Page Type Page Type: Mountain/Rock
Location Lat/Lon: 48.33508°N / 121.3174°W
Activities Activities: Hiking, Mountaineering, Scrambling
Additional Information Elevation: 6414 ft / 1955 m
Sign the Climber's Log


Hurricane Peak from Boulder Lake

Hurricane Peak located high above very recently popular Boulder Lake is quiet a daunting and majestic peak rising nearly 1500 feet over the lake. From the lake Hurricane Peak looks like a possible Class 4 or Class 5. But looks are very deceiving for this mountain. Hurricane Peak is just barely has one easy Class 3 section and actually quiet easily accessible to reach the summit of the mountain. That being said the peak doesn't see many visitors as shown by the summit log in which we were the first to sign in three years with another party rising to the summit on the day we were there.

The correct gully

As for the route to the summit you want to take the recently renovated unnamed trail (formerly a fisherman's trail to Boulder Lake) up to Boulder Lake. Thank the WTA for really fixing the trail and actually making this trail much more of a gem than it used to be in the past. Take this trail all the way up to Boulder Lake. Towards the end it makes be hard to spot because it crosses a number of Talus fields up to the lake. Once at Boulder Lake look for the obvious gully just to the right of the Hurricane Peak summit. It looks very imtimidating from that viewpoint but it is no more than 45-50 degrees and Class 2. It is accessible but a pain to get in that you either travel north or south of the lake but it will require traversing over numerous talus and scree field. From both sides these rocks can be loose and require some caution.

Going down the correct gully

Once at the gully you want to head straight up the gully. I would recommend a helmet here just to protect your head from possible rock fall here. Rise up 1100 feet up the gulley as it transition from talus to scree and to finally mixed scree and dirt. Once you near the top of the gully head up the through the trees for the easiest out of the gully. Once out of the gully you will be on the other side of the mountain. You will want to head to the left and traverse the side until you see a grassy steep dirt area semi-ledge to the summit area of Hurricane Peak. This ledge are you rise to the summit is barely Class 3 at best but can be quiet steep if still covered in winter.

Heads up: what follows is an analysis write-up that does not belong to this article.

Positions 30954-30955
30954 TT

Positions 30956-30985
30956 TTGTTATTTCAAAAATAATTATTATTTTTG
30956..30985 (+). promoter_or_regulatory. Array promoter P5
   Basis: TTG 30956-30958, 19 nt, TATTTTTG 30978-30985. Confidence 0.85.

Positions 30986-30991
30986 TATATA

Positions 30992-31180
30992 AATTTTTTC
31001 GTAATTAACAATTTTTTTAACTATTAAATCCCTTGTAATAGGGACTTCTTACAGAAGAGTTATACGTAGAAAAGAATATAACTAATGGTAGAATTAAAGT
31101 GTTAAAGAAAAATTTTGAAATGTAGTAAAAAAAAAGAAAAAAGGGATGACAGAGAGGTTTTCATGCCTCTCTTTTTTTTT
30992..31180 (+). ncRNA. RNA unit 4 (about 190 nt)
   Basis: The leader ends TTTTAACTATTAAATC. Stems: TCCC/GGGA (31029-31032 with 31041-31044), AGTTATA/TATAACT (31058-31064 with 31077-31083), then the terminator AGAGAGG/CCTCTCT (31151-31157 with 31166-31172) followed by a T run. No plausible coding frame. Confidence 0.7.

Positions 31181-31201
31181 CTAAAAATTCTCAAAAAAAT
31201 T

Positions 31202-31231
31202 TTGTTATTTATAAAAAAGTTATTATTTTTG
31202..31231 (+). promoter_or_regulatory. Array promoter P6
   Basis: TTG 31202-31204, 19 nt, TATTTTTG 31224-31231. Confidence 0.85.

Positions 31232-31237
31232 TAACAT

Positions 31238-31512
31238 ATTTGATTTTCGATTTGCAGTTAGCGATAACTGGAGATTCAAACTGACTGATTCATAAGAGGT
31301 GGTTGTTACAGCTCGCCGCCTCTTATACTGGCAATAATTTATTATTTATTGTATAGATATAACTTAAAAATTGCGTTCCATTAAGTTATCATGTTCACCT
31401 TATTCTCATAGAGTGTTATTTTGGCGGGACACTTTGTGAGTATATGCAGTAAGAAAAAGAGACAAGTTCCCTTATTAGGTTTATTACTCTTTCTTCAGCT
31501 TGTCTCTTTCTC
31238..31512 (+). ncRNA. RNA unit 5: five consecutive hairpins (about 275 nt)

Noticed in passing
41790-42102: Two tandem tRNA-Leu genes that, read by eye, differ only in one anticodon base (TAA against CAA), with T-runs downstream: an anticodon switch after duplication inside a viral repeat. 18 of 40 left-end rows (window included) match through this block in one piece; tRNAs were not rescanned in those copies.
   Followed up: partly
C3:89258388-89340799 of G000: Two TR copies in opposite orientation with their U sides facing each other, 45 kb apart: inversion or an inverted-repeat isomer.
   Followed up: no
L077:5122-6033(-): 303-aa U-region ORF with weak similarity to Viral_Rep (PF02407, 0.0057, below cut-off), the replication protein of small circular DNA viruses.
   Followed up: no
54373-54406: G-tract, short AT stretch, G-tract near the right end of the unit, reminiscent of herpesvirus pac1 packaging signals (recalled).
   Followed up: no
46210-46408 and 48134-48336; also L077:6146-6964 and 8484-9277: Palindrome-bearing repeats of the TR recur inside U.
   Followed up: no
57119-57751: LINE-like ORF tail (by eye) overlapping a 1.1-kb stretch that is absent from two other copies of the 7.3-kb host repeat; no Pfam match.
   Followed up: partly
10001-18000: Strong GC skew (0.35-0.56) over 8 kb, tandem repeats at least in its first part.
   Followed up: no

Hurricane Peak Views

It should be noted that this mountain might be a decent climb in spring with snow but the last section might be quiet steep with snow on it. The gully filled with the proper snow might present some good glissade opportunities. In high avalanche danger though I would totally avoid this peak especially through the gully because it is highly likely that gully will have an avalanche.

Hurricane Peak Views

There is also another possible route through the gap by Boulder Benchmark another prominent area. This would consist of traversing a low angle talus field to the summit of Hurricane Peak. It would be longer but would avoid a number of talus crossings and would be an easy side traverse to the summit of Hurricane Peak.

Where did the creek go

Getting There

FROM DARRINGTON: Take 530 7.4 miles from Darrington to Suiattle Road, Once you go over bridge make a right onto the Suiattle Creek Road for 8.2 miles on the Suiattle Road. Form there you will see the Tenas Creek Road (National Forest Road 2660) on your left.Take the Tenas Creek Road 7.2 miles to bridge washout by Tenas Creek. The last stretch is rougher and is difficult for average clearance vehicles to navigate. Park on the side on the area of the bridge washout.

Red Tape

None due to parking area not being a "official" trailhead spot


Both Pear Lake and Boulder Lake have a number of good camping areas by them. Despite this are for a long time being not too well known I saw at least ten tents while up there. Fishermen love this lake for fishing!

External Links

Here is a link to current trail conditions in the region

Weather Conditions



Children refers to the set of objects that logically fall under a given object. For example, the Aconcagua mountain page is a child of the 'Aconcagua Group' and the 'Seven Summits.' The Aconcagua mountain itself has many routes, photos, and trip reports as children.